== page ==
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FRANK J. GEORGE v. COMMONWEALTH PENNSYLVANIA (03/18/81)

COMMONWEALTH COURT OF PENNSYLVANIA


decided: March 18, 1981.

FRANK J. GEORGE, PETITIONER
v.
COMMONWEALTH OF PENNSYLVANIA, UNEMPLOYMENT COMPENSATION BOARD OF REVIEW, RESPONDENT

Appeal from the Order of the Unemployment Compensation Board of Review in case of In Re: Claim of Frank J. George, No. B-170044.

COUNSEL

John J. Dean, for petitioner.

Steven Marcuse, Assistant Attorney General, with him Richard Wagner, Chief Counsel, and Harvey Bartle, III, Attorney General, for respondent.

Judges Wilkinson, Jr., Craig and Palladino, sitting as a panel of three. Opinion by Judge Palladino.

Author: Palladino

[ 57 Pa. Commw. Page 579]

Frank George (claimant) brings this appeal from a decision and order of the Unemployment Compensation Board of Review (Board) which affirmed a referee's decision finding him to be an unemployed "businessman," and thus ineligible for unemployment compensation benefits under Section 402(h) of the Unemployment Compensation Law (Law), Act of December 5, 1936, Second Ex. Sess., P.L. (1937) 2897, as amended, 43 P.S. § 802(h). We reverse.

On November 30, 1978, claimant was fired from his job as a $400 per week manager-mechanic for Scuro Transmissions, Inc. (Scuro), a position he had held for five years. Thereafter, he applied for unemployment compensation benefits with the Bureau, now Office, of Employment Security (Bureau), and this application was subsequently denied. On appeal, the referee found, inter alia, the following pertinent facts:

[ 57 Pa. Commw. Page 5803]

. The claimant was one of three stockholders in Scuro Transmission, Inc., 60 percent of the stock was owned by the president of the corporation, 20 percent was owned by the vice-president, secretary, and claimant as treasurer of the corporation owned 20 percent of the stock.

4. The claimant received no remuneration for performance of duties as treasurer of the corporation.

6. The corporation operates 5 shops. Part of claimant's duties consisted of setting up the shops and training new help.

7. As treasurer of the corporation, the claimant signed all payroll checks.

8. The claimant was a voting member of the board of directors, although final determinations vested with the president of the corporation.

9. The claimant exercised a substantial degree of control over the operation of the business.

Based on these findings the referee concluded that claimant was an unemployed "businessman" as opposed to an unemployed "worker" and denied benefits. On appeal the Board affirmed, and the present appeal followed.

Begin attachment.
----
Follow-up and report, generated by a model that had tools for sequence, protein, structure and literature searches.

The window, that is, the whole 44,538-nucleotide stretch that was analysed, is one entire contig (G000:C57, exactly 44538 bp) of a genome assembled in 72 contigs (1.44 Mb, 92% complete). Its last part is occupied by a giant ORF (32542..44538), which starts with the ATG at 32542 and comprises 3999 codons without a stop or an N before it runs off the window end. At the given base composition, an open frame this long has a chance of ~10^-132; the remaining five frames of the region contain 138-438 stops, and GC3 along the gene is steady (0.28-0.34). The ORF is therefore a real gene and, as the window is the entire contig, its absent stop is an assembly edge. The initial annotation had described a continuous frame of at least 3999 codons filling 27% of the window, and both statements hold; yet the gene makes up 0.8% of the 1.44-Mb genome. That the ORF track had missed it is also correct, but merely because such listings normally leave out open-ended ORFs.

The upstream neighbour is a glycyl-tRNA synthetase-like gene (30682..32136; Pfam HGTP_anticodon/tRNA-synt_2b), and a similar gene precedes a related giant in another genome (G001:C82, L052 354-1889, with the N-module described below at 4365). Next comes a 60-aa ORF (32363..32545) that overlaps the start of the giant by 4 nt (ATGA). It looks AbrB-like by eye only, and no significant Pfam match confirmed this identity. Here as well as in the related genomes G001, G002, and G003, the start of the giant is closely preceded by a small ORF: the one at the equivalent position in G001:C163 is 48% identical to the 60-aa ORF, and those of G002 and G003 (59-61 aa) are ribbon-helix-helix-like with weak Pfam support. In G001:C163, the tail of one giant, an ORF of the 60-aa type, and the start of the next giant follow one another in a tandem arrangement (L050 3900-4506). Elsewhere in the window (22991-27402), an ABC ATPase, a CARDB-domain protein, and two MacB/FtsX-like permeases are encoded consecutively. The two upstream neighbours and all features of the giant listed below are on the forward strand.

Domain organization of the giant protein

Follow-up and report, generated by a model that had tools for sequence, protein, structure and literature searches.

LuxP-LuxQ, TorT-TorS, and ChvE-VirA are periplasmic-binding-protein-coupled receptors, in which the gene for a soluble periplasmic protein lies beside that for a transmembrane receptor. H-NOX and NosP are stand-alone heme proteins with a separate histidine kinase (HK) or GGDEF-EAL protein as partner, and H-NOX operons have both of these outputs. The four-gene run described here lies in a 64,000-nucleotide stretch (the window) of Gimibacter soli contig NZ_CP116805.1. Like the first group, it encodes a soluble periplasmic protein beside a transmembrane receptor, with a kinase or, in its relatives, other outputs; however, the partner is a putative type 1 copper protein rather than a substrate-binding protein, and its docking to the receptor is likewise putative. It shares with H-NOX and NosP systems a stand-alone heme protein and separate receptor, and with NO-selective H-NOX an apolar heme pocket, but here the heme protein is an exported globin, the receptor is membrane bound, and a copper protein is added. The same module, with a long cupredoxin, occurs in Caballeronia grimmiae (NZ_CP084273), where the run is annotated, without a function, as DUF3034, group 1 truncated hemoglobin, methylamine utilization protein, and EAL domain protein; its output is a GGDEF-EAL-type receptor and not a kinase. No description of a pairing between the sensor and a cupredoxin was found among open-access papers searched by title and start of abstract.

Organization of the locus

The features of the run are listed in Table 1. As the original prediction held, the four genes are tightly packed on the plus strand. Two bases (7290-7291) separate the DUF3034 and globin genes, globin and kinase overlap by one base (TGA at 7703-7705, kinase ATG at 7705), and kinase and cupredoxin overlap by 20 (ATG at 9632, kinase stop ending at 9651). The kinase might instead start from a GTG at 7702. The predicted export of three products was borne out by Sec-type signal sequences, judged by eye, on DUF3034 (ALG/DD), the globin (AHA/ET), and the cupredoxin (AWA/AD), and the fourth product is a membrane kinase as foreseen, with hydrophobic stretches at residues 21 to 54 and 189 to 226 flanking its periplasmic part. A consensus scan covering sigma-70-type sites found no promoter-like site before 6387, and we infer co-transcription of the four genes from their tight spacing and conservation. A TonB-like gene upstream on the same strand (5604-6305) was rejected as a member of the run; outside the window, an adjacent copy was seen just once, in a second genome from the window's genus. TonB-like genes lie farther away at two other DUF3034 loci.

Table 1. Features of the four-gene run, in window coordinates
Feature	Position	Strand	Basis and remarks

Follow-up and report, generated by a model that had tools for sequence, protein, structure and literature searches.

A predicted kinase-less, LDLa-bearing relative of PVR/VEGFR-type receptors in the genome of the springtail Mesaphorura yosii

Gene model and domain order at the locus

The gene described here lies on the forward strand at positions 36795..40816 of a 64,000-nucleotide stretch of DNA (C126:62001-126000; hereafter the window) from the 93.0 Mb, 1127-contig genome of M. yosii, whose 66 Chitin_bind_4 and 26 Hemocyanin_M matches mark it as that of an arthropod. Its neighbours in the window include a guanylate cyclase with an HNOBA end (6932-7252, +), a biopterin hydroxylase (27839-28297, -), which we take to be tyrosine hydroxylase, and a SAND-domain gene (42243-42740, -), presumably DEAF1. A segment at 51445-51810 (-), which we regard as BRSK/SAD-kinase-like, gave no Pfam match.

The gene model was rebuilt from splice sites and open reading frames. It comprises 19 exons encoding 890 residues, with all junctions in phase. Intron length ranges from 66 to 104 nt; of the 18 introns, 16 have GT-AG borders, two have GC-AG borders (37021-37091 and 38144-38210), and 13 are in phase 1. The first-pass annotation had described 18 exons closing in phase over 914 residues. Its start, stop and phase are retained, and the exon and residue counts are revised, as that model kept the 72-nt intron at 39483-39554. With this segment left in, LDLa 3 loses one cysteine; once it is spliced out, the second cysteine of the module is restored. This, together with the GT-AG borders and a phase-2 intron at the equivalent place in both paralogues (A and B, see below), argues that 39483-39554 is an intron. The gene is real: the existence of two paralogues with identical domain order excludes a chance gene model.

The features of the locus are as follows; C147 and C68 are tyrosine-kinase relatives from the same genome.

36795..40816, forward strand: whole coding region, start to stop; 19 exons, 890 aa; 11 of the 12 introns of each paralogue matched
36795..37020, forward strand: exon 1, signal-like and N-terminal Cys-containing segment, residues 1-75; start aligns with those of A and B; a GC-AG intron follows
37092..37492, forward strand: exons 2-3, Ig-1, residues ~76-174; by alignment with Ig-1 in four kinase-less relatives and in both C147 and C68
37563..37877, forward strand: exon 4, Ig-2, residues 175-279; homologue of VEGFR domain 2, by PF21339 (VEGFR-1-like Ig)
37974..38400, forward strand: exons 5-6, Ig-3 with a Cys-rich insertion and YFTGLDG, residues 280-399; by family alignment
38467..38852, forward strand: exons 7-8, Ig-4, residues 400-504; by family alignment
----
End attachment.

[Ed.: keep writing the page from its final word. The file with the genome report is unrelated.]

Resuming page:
In Starinieri v. Unemployment Compensation Board of Review, 447 Pa. 256, 289 A.2d 726 (1972), the Pennsylvania Supreme Court found a former executive manager of a closely held corporation to be an unemployed businessman, and hence ineligible for benefits, even though he had not owned or controlled a majority of the corporation's stock. In reaching this conclusion, the Supreme Court held that the proper test for determining whether a former corporate employee was an unemployed businessman was

[ 57 Pa. Commw. Page 581]

    not the quantum of stock ownership, but rather whether that employee had exercised a "substantial degree of control over the corporation." Starinieri, Id. at 260, 289 A.2d at 728.

Before this Court claimant alleges that there was not sufficient competent evidence in the record, as required by Section 704 of the Administrative Agency Law, 2 Pa. C.S. § 704, to support the Board's conclusion that he had exercised a substantial degree of control over Scuro, and that he is therefore entitled to benefits as an unemployed "worker." We agree.

The only evidence presented at the referee's hearing was claimant's own testimony. In his testimony, claimant clearly stated that his primary job at Scuro was repairing transmissions. When asked by the referee if he had any managerial duties, claimant replied:

A. I opened up new shops, we have 5 shops, and I went to open shops and pre-train guys, I mostly worked with new help and everything, but I didn't do too much in the office maybe make bills and stuff like this here, talke (sic) to customers, as far as being involved with the business itself, I had nothing to do with that.

Claimant also testified that his duties as treasurer were limited to signing checks and attending board meetings, that he received no remuneration for being treasurer, and that the President, Tony Scuro, controlled board meetings with his votes.

In numerous cases since Starinieri this Court has found substantial control where individual claimants were shown to have exercised some significant degree of control over the management or policies of the corporation. See, e.g., Rolland v. Unemployment Compensation Board of Review, 53 Pa. Commonwealth Ct. 562, 418 A.2d 807 (1980). In the present case, however, we believe that the evidence clearly

[ 57 Pa. Commw. Page 582]

    shows that claimant had little or no effect on the policies or management of Scuro, and that he was in fact simply a "worker" as opposed to a "businessman."

Accordingly, we enter the following

Order

And Now, March 18, 1981, the Decision and Order of the Unemployment Compensation Board of Review, Decision No. B-170044, denying benefits for the weeks ending December 9 and December 16, 1978 is reversed, and this case is hereby remanded to the Unemployment Compensation Board of Review for computation of benefits in accordance with the above opinion.

Disposition

Reversed and remanded.

19810318

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